Sunday, October 08, 2006

Shapiro unplugged

What Mark Shapiro would tell you if he were totally candid about himself and the state of the Indians:

1. The 2006 season disillusioned him about winning in Cleveland, at least temporarily.
Maybe it was the the bitterness of his first real taste of defeat as a GM, but Shapiro appears to be sulking his way into the offseason. The can-do attitude of offseasons past has been replaced with an attitude of "We're going to do what we can, but there's only so much we can do."

His quote in last week's Plain Dealer, "Had we not traded (Bob Wickman), we're looking at [an] 82-, 84- or 85-win season. That would have been a positive outcome for this market." is a dead giveaway that Shapiro is starting to view the Indians as a low-ceiling team.

You'd hate to think the Indians are going to get a half-hearted effort from Shapiro this winter, but all the offseasons of fighting the financial current with little to show for it might be taking their toll.

2. If the Indians are to get to the playoffs, it will be an overachievement.
Shapiro has come to the conclusion that he cannot put a playoff team on the field per se. The best he can do is put an 80-85 win team on the field and hope that the stars align better than they did in 2005.

Every year is a roll of the dice. While the White Sox, Twins and Tigers will be regular playoff (or at the very least pennant race) participants, the Indians will strike far less regularly, forced to patch new holes in the roster every year on a shoestring.

3. He's not chasing after big bats because he's been burned in free agency before.
Any major improvements Shapiro makes to this team will almost certainly come through a trade. Last offseason's free agency futility showed Shapiro that not only are the Indians financially overmatched, they're gaining a tightwad reputation among players and agents.

Usually, a visit to Cleveland serves only as a means for a free agent to up the ante with the team he really wants to sign with. B.J Ryan and Trevor Hoffman did that, playing the Indians to perfection last winter to squeeze huge deals from the Blue Jays and Padres.

Shapiro is probably sick of playing the pawn, so he's not even going to touch the upper -- or middle -- tiers of the free agent market this winter.

4. He's not satisfied with the job Eric Wedge did as manager this year, but ...
... firing him now would make him look like the fall guy for Shapiro's bad moves this past winter. Wedge was Shapiro's hand-picked manager. Both have expiring contracts next fall. They have one shot to make this work next year, or the Dolans reserve the right to perform an organizational reset.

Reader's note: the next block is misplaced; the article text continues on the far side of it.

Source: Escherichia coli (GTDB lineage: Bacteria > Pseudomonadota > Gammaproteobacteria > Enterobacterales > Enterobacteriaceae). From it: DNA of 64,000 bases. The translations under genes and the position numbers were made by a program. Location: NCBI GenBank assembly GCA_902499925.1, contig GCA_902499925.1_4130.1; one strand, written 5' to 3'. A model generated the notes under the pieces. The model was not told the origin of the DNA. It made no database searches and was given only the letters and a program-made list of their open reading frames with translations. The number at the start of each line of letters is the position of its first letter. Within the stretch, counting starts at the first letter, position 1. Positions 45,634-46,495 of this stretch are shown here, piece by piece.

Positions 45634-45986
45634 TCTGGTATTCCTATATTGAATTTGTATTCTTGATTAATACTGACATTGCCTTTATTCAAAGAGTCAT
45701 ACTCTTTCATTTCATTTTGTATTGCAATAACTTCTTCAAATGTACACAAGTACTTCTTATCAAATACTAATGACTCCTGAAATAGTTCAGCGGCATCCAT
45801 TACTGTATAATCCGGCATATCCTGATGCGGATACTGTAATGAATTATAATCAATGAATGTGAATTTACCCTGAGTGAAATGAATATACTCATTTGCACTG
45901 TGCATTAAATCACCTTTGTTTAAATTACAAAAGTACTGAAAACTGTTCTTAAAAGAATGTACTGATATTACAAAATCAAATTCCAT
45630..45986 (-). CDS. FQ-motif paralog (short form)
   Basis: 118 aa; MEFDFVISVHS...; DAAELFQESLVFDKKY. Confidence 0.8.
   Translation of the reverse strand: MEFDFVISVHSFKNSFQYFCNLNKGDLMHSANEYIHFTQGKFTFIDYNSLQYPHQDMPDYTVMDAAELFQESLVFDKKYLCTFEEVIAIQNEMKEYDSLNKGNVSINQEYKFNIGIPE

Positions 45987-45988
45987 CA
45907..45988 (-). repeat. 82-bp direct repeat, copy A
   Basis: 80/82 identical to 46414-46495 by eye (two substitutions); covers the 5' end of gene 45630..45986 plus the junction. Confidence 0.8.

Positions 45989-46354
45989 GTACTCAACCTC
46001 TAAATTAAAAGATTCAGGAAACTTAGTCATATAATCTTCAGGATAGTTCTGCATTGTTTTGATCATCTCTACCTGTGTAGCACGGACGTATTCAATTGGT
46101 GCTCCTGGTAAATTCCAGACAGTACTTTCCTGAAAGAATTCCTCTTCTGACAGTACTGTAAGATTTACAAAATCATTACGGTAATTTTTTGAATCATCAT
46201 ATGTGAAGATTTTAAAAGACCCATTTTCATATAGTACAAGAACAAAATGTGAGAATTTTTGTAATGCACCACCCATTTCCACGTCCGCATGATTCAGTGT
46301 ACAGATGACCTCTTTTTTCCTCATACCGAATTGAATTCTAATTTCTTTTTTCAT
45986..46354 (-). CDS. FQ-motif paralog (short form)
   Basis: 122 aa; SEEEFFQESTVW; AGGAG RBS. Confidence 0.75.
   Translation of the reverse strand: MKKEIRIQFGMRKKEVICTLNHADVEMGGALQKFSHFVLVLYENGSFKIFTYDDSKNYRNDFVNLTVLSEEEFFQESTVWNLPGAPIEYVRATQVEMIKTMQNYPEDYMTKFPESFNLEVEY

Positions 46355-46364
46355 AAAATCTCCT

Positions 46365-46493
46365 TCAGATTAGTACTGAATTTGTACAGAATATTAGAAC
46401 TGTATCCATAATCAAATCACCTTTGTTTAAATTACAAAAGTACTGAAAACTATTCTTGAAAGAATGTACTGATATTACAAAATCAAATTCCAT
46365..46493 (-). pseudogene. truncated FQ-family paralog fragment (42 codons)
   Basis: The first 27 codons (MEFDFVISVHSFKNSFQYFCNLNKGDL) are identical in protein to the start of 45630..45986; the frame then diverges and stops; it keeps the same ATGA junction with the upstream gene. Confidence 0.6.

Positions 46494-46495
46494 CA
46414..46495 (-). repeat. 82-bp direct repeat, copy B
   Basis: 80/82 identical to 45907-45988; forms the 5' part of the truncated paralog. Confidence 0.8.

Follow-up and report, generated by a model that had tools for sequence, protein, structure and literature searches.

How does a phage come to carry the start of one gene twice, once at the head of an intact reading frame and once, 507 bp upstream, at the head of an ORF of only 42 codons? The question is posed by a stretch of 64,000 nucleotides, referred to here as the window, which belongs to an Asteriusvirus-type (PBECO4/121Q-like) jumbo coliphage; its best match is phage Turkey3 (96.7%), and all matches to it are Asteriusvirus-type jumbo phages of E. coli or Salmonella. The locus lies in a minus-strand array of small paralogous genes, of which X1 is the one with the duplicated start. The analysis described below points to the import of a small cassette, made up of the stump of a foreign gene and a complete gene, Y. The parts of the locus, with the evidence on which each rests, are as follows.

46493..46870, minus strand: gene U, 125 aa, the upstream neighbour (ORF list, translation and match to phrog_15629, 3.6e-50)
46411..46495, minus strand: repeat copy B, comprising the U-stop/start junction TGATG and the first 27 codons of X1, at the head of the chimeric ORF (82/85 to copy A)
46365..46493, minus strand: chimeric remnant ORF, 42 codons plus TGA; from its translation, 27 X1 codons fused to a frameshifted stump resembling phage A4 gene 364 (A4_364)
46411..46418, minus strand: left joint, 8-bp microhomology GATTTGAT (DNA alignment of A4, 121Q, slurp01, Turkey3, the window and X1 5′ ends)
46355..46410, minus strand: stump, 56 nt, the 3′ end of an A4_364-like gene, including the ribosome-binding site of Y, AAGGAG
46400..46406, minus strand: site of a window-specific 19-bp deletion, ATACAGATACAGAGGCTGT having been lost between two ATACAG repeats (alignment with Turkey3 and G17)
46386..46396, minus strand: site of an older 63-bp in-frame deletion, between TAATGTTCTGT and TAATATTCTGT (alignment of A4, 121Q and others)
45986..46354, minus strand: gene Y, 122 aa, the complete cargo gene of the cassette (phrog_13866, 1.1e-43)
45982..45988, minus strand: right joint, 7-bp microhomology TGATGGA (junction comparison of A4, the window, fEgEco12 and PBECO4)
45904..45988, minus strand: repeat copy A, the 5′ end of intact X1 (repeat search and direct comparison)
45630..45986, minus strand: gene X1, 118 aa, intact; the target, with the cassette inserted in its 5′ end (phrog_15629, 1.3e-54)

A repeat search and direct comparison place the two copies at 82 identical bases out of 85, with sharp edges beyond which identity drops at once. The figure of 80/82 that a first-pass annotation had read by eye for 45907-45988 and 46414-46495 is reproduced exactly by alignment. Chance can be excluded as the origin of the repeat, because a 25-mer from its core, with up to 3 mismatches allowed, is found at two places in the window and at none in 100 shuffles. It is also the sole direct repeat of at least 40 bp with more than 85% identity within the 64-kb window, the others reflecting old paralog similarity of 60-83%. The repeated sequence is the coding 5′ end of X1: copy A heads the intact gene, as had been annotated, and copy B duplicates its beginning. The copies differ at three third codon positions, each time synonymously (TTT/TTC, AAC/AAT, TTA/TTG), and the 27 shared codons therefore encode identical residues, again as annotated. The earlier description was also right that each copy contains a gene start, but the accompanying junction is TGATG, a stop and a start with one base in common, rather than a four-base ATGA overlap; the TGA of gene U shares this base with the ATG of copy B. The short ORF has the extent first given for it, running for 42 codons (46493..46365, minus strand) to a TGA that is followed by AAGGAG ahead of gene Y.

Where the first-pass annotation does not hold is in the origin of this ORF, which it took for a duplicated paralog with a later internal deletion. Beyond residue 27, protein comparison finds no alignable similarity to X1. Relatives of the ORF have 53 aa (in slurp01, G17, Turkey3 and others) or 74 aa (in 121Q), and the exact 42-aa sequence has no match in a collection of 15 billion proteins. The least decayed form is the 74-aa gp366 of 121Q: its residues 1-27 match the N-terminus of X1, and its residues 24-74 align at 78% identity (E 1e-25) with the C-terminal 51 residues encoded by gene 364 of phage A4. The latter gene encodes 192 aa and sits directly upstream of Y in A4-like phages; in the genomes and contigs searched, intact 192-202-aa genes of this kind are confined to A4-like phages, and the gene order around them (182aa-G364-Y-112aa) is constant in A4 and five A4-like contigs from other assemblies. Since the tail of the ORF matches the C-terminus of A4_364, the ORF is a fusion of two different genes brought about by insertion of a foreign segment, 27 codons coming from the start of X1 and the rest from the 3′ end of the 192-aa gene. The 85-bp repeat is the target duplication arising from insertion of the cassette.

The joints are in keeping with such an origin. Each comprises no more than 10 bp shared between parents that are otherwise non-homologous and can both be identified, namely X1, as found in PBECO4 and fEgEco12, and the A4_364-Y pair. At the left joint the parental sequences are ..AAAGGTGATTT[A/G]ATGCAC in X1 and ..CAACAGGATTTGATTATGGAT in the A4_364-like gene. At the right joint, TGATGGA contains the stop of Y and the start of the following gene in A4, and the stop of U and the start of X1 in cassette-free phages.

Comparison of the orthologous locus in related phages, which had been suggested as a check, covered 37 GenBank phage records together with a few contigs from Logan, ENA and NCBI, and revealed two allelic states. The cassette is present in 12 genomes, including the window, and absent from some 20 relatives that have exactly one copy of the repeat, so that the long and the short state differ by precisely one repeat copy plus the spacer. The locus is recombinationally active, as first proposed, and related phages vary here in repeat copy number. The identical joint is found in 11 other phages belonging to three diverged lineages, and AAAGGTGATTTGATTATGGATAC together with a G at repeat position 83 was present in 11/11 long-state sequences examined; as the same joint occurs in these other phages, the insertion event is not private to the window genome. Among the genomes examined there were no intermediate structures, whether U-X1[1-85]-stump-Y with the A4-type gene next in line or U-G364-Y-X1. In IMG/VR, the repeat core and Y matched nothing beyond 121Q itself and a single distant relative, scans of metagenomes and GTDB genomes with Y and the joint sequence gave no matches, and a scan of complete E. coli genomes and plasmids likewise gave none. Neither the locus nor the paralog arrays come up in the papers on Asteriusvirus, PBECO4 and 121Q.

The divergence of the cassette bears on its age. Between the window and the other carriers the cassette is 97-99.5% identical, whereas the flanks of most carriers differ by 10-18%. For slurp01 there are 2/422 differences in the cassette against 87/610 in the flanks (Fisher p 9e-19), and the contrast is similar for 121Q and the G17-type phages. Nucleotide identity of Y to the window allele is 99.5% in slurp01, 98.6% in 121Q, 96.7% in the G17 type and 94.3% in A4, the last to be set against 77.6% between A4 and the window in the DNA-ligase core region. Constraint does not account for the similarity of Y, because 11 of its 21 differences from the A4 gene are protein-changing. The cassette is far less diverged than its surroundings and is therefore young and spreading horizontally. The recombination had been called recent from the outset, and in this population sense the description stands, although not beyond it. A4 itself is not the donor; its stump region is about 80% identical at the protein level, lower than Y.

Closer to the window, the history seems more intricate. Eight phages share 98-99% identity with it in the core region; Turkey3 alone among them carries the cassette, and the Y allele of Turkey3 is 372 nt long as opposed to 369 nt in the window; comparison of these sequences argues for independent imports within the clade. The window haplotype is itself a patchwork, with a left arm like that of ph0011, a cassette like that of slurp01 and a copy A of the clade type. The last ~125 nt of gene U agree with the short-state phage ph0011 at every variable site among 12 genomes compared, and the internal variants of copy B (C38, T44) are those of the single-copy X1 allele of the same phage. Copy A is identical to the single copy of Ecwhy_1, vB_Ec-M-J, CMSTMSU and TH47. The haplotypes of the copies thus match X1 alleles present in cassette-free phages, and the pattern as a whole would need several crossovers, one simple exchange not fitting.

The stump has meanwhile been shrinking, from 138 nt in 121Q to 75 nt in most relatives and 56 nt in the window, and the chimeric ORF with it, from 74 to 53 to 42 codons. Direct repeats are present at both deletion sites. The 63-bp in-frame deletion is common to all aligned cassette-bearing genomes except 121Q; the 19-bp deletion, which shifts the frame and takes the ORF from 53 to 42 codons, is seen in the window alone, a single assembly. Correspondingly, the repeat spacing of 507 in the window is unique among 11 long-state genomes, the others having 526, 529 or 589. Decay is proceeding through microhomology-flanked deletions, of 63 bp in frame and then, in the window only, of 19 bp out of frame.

5. If a bigger market team needs a GM in 2008, Shapiro is listening.
It's easy to be the GM of a small-market baseball team if you resign yourself to the fact that winning will be somewhere between extremely difficult and virtually impossible depending on the previous season's gate revenue.

If you don't accept that fact, being the GM of a small market team will inevitably wear you out. It takes so much more work just to keep pace with higher-payroll teams, and there is so much failure involved, that even the best small-market GMs reach their breaking point. After five seasons trying to spin straw into gold, Shapiro might be reaching that point.

Like any small-market GM, he is starting to see how ridiculous the market fight really is in baseball. He's human, he covets what he doesn't have. What GMs like the White Sox's Ken Williams do have: the safety net of a competitive payroll.


POJO_Risin said...

It's painful for ME to read that...let alone Shapiro. You've hit the nail on the head though. Baseball, in it's current format, only allows the Indians an opportunity at greatness every so often. The 90's were a different beast. Let's face it though, the Indians have been used as a pawn for years. As for Shapiro moving on, it may be time...and I think Shapiro is one of the best in the game, for his sake. I've gotten the same gist from what he's said over the past couple of weeks, and it's been frustrating.

I don't know though. I've followed the Tribe for so long that I DO think there's a way to go out and get some players for this team without having to trade. They just need to make one offer to one player...and it could change the whole deal. The problem is that Cleveland can't/won't overpay. I'm not saying you overpay 5 mill a year for someone...but there are guys out there you CAN overpay, that WOULD help you, that at the very least, add some wins, and add some PR.

I know, I'm rambling a bit, but Cleveland needs Shapiro at his best, and I agree, he seems beat down. I suppose I would be if I were treading water for 5 years...

hey, John Hart's available...;)

Erik said...

Success ruined John Hart. The success of the Indians in the '90s, and the subsequent payroll boost, turned Hart from a GM who tried to build through the farm system (and quite well) to one who blew up the farm system in favor of big-name veterans.

When Hart went to Texas, he tried to spend his way to a title and it was a disaster. He was behind the ridiculous signing of Chan Ho Park to a huge multiyear deal, a move the Hart of 1995 would never have made.

That's why I want to see Shapiro stick to his guns and build through the farm system, but you are right. In order to contend, a team has to do at least some outside spending of significance.

Shapiro doesn't have a spotless record as Indians GM, but he's been pretty darn good getting the team to the status of "promising young team." But if the Dolans don't front the cash to get this team to contender, they are going to write Shapiro's ticket out of town, and this club will be worse off. Shapiro is simply going to get fed up, if he's not already.